Banksia repens

Distribution Map
Family: Proteaceae
Distribution: Deep sand along the south coast of Western Australia.
Common Name: Creeping Banksia
Derivation of Name: Banksia...after Sir Joseph Banks.
repens...from Latin repens; creeping.
Conservation Status: Not considered to be at risk in the wild.

General Description:

Banksia repens is one of several similar Western species with a prostrate habit of growth. It is moderately vigorous and in its natural habit may spread up to 3 metres across. The branches are horizontal and may be just below ground level giving the plant the appearance of flower spikes growing directly out of the ground.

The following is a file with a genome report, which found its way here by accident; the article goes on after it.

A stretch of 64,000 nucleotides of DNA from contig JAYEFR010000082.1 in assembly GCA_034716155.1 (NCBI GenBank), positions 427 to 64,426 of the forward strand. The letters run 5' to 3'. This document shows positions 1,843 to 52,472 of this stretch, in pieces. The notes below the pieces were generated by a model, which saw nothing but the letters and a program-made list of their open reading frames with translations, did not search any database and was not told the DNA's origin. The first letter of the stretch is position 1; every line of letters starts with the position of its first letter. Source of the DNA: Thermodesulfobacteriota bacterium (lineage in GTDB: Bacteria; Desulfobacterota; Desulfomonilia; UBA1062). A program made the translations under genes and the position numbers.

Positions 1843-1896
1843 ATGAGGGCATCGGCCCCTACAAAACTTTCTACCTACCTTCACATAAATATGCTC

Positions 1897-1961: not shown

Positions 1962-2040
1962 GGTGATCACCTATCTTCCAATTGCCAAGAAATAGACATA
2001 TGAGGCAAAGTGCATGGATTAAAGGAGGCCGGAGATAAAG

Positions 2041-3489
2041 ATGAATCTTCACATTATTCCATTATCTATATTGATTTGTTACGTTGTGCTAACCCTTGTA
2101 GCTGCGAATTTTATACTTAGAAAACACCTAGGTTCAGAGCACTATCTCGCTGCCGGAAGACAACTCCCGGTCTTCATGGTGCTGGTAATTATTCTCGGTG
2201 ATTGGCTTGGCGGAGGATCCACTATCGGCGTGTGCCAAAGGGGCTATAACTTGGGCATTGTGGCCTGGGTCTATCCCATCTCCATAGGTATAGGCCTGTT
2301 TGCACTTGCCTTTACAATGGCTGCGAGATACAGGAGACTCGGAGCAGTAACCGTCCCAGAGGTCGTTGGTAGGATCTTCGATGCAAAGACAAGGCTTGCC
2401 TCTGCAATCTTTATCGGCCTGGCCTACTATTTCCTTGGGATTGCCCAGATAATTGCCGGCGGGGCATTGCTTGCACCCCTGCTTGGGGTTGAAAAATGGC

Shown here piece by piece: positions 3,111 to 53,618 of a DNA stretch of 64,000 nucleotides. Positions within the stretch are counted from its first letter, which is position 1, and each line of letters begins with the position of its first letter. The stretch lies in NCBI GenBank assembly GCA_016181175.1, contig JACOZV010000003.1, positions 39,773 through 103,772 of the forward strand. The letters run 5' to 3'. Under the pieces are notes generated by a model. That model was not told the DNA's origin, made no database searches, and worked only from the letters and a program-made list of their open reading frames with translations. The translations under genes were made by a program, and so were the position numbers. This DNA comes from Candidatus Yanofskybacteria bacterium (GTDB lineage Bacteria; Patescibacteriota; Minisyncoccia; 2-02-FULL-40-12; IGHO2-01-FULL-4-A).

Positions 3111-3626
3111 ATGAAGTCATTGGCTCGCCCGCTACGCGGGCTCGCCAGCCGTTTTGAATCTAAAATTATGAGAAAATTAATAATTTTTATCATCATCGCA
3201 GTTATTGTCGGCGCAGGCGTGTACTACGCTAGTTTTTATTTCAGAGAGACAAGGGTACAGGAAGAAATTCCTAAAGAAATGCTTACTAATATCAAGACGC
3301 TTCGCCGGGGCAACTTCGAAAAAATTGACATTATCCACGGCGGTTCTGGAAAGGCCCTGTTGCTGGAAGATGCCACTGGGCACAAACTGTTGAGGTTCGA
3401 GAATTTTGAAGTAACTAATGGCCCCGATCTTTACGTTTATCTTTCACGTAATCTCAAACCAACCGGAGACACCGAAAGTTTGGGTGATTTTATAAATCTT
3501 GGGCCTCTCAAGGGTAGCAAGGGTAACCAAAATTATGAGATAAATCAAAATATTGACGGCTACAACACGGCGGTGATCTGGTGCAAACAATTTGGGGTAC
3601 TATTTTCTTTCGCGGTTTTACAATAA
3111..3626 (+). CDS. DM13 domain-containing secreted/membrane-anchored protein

Banksia repens
Banksia repens
Photo: Brian Walters

The leaves of the plant are large and deeply lobed. Flowers are usually cream when fully open but may have pink or orange tinges at the bud stage. The flower spikes are about 100mm long by about 70mm diameter. The seeds are enclosed in follicles attached to a woody cone and are generally retained within the cone until burnt. Like many others in the genus, B.repens is a lignotuberous species (it has a woody structure at or below ground level from which regeneration of the plant occurs following fire).

B.repens is one of the few western Banksias which can be grown with some success in areas of summer rainfall. Propagation from seed is relatively easy but cuttings may be difficult to strike.

Similar species are B.blechnifolia, B.petiolaris, B.chamaephyton and B.gardneri.


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